Most board members seemed ready to approve both the change order and the reduction next week, with the exception of Art Johnston, who said the decrease in project costs didn't justify paying the change order, and questioned whether the engineered wood fiber that replaced the controversial rubber mulch was what the contract specified.CFO Doug Hasler assured the board it had the relevant tests and documentation specified by the contract, ensuring the district got what it paid for, and board...
She finds the act of gardening therapeutic and the process satisfying, she said, as she tended her school's raised beds. "I think of the potatoes, and how they were made by one potato," Thompson said, marveling at the amount being harvested one sunny day in October.The Duluth school district harvested more than 1,750 pounds of produce this fall, much of it making its way into school lunches, lessons and snacks.
It's called BARR — Building Assets, Reducing Risks — and it was created by a St. Louis Park, Minn., school counselor in 1998. It's grown into a national model, and is now in more than 80 schools in 13 states. The federal government has invested in it with multiple grants.The point of the model is to not only increase test scores and improve graduation rates, but to reduce course failure rates, decrease suspensions and absenteeism and get more kids into advanced classes.
Muck Rack makes it simple to find people, tweets, or articles that mention any name, keyword, company, hashtag etc. We've compiled this guide to help you make the most of your search.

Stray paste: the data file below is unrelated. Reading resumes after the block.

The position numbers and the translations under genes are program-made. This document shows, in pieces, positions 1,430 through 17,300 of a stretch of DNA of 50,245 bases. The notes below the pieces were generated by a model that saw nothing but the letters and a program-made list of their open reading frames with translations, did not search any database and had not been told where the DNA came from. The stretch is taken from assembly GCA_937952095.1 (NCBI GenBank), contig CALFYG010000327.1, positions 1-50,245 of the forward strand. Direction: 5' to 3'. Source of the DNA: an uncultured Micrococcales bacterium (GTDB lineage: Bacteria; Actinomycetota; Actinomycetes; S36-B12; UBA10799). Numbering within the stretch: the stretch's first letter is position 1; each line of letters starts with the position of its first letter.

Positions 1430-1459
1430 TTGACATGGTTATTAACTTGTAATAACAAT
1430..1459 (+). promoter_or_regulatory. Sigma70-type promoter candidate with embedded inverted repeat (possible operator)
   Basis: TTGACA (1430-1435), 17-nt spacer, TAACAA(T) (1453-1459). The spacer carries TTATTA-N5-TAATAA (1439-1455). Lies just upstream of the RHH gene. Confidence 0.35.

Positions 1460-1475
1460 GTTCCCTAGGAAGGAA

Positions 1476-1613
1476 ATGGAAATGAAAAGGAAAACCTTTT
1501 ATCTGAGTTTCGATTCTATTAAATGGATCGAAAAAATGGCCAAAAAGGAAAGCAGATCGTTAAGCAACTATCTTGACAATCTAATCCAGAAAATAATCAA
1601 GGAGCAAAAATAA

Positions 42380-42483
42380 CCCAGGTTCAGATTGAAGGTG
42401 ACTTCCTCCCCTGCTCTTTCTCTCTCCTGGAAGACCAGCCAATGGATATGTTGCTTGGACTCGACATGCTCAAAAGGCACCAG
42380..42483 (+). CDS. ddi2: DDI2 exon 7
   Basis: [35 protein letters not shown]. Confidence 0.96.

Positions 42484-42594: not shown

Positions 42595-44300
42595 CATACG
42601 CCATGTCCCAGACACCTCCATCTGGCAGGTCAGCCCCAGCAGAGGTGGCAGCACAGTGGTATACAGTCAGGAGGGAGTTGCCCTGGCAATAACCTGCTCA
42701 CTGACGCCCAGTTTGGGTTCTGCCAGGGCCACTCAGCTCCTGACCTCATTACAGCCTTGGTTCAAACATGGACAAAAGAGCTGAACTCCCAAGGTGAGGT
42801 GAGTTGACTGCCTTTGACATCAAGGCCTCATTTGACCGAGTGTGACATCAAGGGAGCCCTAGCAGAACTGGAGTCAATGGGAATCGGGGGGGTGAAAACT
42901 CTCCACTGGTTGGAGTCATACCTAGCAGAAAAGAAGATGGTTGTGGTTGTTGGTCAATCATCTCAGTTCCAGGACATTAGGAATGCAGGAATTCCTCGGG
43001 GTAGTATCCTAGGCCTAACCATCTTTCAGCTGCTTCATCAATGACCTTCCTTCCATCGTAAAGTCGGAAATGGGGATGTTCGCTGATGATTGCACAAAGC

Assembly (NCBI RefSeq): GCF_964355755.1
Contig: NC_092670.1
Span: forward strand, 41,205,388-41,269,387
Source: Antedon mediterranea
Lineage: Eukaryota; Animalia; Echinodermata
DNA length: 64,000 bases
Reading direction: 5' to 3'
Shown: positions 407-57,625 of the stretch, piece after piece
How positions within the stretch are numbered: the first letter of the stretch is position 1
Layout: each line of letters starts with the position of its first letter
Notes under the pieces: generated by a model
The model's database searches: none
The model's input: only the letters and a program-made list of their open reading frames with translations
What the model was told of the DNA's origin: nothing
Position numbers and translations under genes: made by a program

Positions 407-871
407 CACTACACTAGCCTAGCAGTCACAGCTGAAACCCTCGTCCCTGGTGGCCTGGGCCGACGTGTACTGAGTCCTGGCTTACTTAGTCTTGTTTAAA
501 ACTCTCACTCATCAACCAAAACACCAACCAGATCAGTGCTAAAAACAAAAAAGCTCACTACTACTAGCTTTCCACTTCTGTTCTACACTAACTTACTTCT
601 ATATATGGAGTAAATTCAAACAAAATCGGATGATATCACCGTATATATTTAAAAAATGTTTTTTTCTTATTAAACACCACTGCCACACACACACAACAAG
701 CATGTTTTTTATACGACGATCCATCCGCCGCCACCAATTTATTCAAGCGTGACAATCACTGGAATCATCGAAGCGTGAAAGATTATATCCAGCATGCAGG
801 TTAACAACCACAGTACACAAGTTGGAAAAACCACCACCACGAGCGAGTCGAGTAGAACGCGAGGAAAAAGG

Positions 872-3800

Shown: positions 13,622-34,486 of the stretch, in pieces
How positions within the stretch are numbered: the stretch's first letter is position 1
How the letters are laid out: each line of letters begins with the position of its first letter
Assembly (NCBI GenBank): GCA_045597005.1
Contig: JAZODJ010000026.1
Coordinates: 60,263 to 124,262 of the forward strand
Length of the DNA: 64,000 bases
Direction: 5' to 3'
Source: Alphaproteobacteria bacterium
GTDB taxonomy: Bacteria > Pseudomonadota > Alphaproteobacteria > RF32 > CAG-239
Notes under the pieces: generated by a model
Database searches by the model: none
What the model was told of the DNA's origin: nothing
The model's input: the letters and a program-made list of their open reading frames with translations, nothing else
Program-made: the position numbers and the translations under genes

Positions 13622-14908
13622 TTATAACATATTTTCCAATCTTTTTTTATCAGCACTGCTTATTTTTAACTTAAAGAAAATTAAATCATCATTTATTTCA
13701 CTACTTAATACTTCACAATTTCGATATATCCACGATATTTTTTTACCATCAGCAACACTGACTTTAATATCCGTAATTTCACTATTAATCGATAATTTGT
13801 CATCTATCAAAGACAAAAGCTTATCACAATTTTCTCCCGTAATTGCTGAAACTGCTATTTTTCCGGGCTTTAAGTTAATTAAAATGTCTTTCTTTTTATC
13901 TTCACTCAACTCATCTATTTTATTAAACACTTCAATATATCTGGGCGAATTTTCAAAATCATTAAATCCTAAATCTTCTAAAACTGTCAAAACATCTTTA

Selecting a term
Start searching tweets, articles from media outlets, articles mentioned in tweets, journalists'
names, titles and bios with some suggested searches:
Companies or Topics (e.g. iPhone, Microsoft)
Phrases (e.g. "cloud computing") — use quotes to keep the terms together
Twitter handles (e.g. @username) — returns those who have mentioned or replied to
Names (e.g. "David Pogue")
Hashtags (e.g. #sxsw, #london2012)
Bio details (e.g. vegan, Olympics, father)
Muck Rack's Advanced Search allows for many boolean operators.
Find results that mention multiple specified terms, use AND or
+. For example, ensure each result contains both Elon Musk and Mark Zuckerberg by
searching Musk AND Zuckerberg or Musk + Zuckerberg.
Use the operators OR or , to broaden your search when you'd like either of
multiple terms to appear in results. (This is the default behavior of our search when no operators
are used). For example, results will contain either cake or cookie by searching cake OR cookie or cake,cookie
Use NOT or - to subtract results from your search. For
example, searching Disney will yield results about the Walt Disney Company as well as Walt Disney
World Resort. To exclude mentions of Disney World, search for Disney -World or Disney
When using one of these operators with a phrase, enclose it in quotation marks. For example, you can
find results about smartphones excluding Apple's iPhone 4S by searching smartphone -"iPhone
Exact case matching or punctuation
If you're searching for a brand name or keyword that relies on specific punctuation marks or capitalization, you can
find results that match your exact query by adding matchcase: before the keyword you're searching for, like matchcase:E*TRADE .
Use parentheses to separate multiple
boolean phrases. For example, to find journalists talking about having fun in Disney World or
Disneyland, search for ("disney world" OR disneyland) AND fun.
An asterisk can be used to search for any variation of a root word truncated by the asterisk. For example, searching for admin* will return results for administrator, administration, administer, administered, etc.
A near operator is an AND operator where you can control the distance between the words. You can vary the distance the near operation uses by adding a forward slash and number (between 0-99) such as strawberries NEAR/10 "whipped cream", which means the strawberries must exist within 10 words of "whipped cream".